Response to article in issue 16

This article has been signed by Professor Margaret McLaren, Professor Kathryn Norsworthy, Professor Dawn Roe, Professor Sharon Carnahan, Professor Carol Lauer, Professor Kim Dennis, Professor Susan Libby, Professor Rachel Newcomb, and Professor Alicia Homrich.

 

Muhammad Ali.  Irish?! Or Black? (Correct answer: Both.)  Maurice (Socky) O’Sullivan’s op ed in the February 17, 2016 edition of the Sandspur mentions Ali’s mixed race heritage, as well as that of Barack Obama.  For O’Sullivan the salient point is that both can claim Irish descent.  We hear the call in Professor O’Sullivan’s article to recognize that our Irish and Irish American friends have had a painful history full of struggle, resistance, and resilience and that St. Patrick’s Day is a day each year dedicated to the Irish communities of the world.  We also hear his wish that the first evening of the Summit for Transformative Learning (featuring a debate on free speech) had not been scheduled for St. Patrick’s Day.

However, this article unfortunately positions communities of color and Irish communities in competition with one another in an effort to justify his points.  This is especially ironic because the Irish were considered non-white when they first emigrated from Ireland to the United States. Painfully, the article also pits the Black community and the Asian American community against one another, suggesting, in this case, that the Black community is the problem.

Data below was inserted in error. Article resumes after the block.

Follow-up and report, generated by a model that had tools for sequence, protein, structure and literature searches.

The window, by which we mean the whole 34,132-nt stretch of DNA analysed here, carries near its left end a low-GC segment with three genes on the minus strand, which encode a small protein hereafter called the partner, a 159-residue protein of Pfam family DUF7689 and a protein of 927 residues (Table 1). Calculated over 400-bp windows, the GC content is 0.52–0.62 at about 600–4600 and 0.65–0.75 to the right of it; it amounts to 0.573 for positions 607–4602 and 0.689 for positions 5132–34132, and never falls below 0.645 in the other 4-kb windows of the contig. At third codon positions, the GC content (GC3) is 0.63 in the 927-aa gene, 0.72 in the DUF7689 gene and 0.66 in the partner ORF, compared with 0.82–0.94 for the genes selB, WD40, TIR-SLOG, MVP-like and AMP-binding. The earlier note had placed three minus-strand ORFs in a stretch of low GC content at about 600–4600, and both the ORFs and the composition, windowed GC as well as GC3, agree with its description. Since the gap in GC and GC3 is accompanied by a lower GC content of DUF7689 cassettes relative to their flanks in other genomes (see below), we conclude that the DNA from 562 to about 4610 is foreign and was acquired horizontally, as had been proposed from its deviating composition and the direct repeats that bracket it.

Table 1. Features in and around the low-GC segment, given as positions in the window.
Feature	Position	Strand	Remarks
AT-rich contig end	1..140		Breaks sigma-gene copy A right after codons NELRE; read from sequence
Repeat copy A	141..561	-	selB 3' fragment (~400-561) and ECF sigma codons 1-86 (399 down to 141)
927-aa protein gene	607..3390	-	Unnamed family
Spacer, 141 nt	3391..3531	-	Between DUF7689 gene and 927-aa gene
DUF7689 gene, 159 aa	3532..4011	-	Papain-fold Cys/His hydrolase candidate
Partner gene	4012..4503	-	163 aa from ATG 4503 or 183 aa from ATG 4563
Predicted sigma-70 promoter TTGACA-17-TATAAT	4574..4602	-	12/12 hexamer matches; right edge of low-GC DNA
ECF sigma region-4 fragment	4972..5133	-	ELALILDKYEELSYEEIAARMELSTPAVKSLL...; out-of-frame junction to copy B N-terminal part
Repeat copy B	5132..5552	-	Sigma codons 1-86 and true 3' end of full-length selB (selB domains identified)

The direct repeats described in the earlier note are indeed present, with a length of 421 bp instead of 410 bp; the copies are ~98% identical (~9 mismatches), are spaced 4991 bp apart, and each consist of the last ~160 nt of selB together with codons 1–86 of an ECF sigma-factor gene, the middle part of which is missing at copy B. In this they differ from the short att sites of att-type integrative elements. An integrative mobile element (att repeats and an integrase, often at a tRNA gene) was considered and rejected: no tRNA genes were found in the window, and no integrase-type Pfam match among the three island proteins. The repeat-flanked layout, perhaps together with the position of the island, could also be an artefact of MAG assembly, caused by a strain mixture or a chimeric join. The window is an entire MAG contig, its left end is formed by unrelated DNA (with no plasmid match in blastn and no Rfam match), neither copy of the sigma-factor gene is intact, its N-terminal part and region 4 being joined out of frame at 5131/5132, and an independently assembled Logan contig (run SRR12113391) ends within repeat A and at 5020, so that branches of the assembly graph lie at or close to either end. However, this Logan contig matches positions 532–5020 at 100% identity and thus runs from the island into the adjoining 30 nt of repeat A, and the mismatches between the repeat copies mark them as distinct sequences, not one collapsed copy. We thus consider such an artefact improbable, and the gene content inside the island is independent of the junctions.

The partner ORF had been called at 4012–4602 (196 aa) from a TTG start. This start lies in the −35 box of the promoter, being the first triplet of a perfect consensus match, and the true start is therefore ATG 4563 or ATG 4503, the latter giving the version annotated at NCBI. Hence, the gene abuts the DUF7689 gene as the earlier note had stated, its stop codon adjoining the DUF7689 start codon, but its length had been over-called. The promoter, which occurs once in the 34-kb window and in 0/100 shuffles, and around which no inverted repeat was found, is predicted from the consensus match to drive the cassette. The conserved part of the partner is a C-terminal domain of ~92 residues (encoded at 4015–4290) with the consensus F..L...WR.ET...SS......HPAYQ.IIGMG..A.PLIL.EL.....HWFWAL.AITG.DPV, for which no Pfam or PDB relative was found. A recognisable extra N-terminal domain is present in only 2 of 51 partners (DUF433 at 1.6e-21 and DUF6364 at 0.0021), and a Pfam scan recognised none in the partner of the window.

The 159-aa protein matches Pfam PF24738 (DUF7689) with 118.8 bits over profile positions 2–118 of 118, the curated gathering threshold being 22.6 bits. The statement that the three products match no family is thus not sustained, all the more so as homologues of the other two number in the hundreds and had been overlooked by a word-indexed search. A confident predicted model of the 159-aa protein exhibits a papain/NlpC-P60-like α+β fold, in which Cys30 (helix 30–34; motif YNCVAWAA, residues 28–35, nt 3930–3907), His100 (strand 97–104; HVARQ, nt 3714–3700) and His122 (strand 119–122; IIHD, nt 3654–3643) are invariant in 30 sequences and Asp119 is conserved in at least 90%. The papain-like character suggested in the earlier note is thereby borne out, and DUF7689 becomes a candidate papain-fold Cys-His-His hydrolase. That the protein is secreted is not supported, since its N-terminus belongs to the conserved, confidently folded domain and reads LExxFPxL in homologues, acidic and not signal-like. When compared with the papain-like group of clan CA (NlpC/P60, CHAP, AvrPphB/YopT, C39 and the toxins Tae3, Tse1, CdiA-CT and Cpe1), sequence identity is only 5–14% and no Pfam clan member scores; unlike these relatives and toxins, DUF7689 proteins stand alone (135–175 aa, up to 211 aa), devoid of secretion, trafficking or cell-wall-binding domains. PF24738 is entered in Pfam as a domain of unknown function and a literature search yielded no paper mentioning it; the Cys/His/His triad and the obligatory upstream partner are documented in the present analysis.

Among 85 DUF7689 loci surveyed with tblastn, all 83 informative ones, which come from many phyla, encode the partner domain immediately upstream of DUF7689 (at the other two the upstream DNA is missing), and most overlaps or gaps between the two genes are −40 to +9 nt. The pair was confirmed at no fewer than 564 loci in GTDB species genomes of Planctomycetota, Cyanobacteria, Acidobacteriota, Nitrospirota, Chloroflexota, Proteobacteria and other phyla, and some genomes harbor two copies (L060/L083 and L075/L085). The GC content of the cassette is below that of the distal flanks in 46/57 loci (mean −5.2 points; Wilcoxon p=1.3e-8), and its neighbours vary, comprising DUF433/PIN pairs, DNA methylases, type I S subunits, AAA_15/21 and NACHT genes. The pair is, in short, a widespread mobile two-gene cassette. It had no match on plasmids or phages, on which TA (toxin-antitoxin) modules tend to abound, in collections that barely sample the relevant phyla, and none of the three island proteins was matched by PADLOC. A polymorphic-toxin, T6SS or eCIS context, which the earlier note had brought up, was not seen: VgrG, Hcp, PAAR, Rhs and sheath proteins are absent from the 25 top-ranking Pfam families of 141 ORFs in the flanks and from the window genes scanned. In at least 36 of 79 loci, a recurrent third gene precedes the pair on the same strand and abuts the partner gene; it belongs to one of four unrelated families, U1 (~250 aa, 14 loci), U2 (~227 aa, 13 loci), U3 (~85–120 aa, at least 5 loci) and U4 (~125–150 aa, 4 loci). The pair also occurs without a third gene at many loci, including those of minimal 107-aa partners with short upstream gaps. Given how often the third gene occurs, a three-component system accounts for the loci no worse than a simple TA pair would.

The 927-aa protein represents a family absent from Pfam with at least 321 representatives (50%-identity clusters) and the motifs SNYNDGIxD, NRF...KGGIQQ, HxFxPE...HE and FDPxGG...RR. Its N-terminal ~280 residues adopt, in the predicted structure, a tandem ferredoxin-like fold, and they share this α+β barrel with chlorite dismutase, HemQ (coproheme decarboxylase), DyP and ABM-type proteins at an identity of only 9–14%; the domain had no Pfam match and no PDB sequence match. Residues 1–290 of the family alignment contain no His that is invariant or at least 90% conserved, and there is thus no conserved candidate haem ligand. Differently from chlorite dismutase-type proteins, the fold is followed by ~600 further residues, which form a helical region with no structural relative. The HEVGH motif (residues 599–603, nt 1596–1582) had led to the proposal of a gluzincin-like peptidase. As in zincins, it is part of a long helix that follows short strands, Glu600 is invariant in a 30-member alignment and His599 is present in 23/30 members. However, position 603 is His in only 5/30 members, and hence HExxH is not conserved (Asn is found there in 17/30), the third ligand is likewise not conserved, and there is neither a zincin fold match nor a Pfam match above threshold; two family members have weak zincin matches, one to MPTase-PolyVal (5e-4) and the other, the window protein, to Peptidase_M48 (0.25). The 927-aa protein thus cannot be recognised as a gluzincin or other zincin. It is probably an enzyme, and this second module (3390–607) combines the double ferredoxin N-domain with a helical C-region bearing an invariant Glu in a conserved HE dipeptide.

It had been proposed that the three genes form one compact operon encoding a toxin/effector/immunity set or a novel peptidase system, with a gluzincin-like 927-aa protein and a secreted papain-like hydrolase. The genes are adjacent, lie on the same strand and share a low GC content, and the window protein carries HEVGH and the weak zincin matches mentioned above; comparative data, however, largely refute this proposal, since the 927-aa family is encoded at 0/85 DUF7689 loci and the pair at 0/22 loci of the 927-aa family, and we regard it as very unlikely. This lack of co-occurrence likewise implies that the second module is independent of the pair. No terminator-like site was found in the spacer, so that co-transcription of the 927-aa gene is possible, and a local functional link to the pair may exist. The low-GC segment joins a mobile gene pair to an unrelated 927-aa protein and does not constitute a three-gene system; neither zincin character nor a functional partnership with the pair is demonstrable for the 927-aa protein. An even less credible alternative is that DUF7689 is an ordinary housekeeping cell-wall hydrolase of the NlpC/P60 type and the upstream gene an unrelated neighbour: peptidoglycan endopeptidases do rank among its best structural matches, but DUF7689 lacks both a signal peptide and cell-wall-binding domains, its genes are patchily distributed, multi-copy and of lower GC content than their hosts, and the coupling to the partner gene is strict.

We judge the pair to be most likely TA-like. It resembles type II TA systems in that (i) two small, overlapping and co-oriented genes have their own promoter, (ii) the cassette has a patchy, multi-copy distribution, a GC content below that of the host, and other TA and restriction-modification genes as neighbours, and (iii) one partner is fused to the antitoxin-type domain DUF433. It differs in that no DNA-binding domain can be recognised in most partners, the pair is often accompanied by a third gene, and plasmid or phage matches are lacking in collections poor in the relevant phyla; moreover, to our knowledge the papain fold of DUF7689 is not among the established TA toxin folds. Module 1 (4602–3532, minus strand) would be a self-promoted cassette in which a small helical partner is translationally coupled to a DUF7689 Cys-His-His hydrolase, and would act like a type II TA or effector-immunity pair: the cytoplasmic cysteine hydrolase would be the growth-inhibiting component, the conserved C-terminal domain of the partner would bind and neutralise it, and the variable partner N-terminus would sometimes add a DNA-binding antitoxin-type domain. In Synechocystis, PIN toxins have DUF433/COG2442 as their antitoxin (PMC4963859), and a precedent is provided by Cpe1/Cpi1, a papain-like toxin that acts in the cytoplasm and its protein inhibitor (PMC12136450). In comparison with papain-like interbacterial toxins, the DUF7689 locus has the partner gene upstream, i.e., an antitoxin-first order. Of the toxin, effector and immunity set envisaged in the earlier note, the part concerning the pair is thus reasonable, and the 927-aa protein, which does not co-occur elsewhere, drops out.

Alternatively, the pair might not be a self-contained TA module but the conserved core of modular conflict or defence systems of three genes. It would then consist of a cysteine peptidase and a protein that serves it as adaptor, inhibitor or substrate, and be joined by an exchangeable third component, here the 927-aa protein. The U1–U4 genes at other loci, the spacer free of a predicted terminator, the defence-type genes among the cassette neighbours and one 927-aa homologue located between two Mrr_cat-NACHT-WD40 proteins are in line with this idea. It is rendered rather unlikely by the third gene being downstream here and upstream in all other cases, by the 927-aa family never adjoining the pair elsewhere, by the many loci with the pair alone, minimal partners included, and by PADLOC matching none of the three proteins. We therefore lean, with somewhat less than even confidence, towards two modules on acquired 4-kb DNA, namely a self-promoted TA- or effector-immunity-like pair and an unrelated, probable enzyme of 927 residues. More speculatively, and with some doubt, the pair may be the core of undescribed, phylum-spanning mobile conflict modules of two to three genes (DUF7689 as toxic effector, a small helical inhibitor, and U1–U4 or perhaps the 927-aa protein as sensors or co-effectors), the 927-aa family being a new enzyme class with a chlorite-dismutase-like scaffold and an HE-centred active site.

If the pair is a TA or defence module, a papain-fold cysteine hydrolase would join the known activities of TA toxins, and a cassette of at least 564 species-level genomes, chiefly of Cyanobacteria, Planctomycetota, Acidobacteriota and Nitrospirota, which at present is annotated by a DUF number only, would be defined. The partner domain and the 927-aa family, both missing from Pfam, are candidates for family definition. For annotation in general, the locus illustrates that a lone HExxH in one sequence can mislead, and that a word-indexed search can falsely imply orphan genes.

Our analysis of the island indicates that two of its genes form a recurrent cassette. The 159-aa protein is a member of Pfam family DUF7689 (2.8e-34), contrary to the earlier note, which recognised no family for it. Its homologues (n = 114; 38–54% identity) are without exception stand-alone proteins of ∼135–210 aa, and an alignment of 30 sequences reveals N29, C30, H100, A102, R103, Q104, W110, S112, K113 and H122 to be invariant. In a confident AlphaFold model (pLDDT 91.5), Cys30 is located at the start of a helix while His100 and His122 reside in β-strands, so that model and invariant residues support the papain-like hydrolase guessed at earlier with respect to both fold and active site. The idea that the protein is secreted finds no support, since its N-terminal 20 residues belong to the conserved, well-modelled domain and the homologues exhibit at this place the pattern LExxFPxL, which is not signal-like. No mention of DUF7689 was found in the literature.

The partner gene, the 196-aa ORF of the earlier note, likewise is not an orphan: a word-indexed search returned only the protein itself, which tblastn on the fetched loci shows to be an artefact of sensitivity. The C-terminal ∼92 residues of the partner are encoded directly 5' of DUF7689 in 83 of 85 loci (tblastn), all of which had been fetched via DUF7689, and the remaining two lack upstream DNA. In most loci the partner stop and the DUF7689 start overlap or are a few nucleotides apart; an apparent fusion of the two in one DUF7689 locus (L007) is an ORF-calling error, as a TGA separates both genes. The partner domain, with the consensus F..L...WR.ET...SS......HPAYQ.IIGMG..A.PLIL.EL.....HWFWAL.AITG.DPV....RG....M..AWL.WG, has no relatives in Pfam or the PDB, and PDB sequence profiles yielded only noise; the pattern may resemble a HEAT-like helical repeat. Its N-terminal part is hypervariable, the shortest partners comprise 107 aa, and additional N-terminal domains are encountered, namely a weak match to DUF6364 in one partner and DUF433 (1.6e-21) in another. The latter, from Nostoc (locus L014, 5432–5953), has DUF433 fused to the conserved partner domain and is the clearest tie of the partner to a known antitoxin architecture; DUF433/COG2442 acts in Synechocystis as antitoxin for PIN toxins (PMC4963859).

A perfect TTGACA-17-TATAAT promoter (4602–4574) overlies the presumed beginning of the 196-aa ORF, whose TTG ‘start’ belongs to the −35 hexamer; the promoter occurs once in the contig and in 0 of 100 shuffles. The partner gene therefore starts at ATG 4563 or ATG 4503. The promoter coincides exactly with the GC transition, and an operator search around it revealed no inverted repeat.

We propose that a conference at Rollins focusing on racial justice is actually an “AND-AND” proposition rather than “either-or.”  To us it seems that the Summit is a perfect opportunity to bring together white allies, including Irish-Americans, communities of color, and multi-racial/mixed heritage communities to work in solidarity toward a more just campus community and world.

Current best practices in diversity and social justice work do not engage in “oppression Olympics,” cultural competition,” or “competition for justice.”  We see our struggles for racial justice as interrelated and interdependent.  However, it is important to note that we still live in a society where deep inequalities exist because of systemic racism.  We do not need “time travel” to witness racial injustice and to work for racial justice.

We appreciate that parts of Professor O’Sullivan’s opinion piece clearly express solidarity with the work on racial justice at Rollins and beyond.  Unfortunately, polarizing references and language have the opposite effect.  This kind of language echoes the rhetoric often used by white people to intentionally or unintentionally undermine the racial justice movement, serves to hurt and disempower people of color, and reinforces systemic racism.

We invite white allies to be aware of this when we assert our opinions and positions, especially in public media. As we all work for justice, diversity, and inclusion on Rollins’ campus and beyond, we need to be aware of the impact of what we say and do as well our power and white privilege, especially given the social and professional positions we hold.  This year’s Summit for Transformative Learning focusing on advancing racial justice provides a much-needed forum for discussion and action planning regarding how we collectively create a just campus community by walking the talk.  We encourage all faculty, staff, and students to participate.

This article was a response to Dr. O’Sullivan’s February 18 article, Professor questions Rollins’ multicultural efforts.”

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1 Comment

  1. Nate Hosburgh March 14, 2016 at 11:23 am

    As a response to all of these responses, I would like to point out another opinion piece as more food for thought: http://www.thedailybeast.com/articles/2015/03/15/the-privilege-of-checking-white-privilege.html

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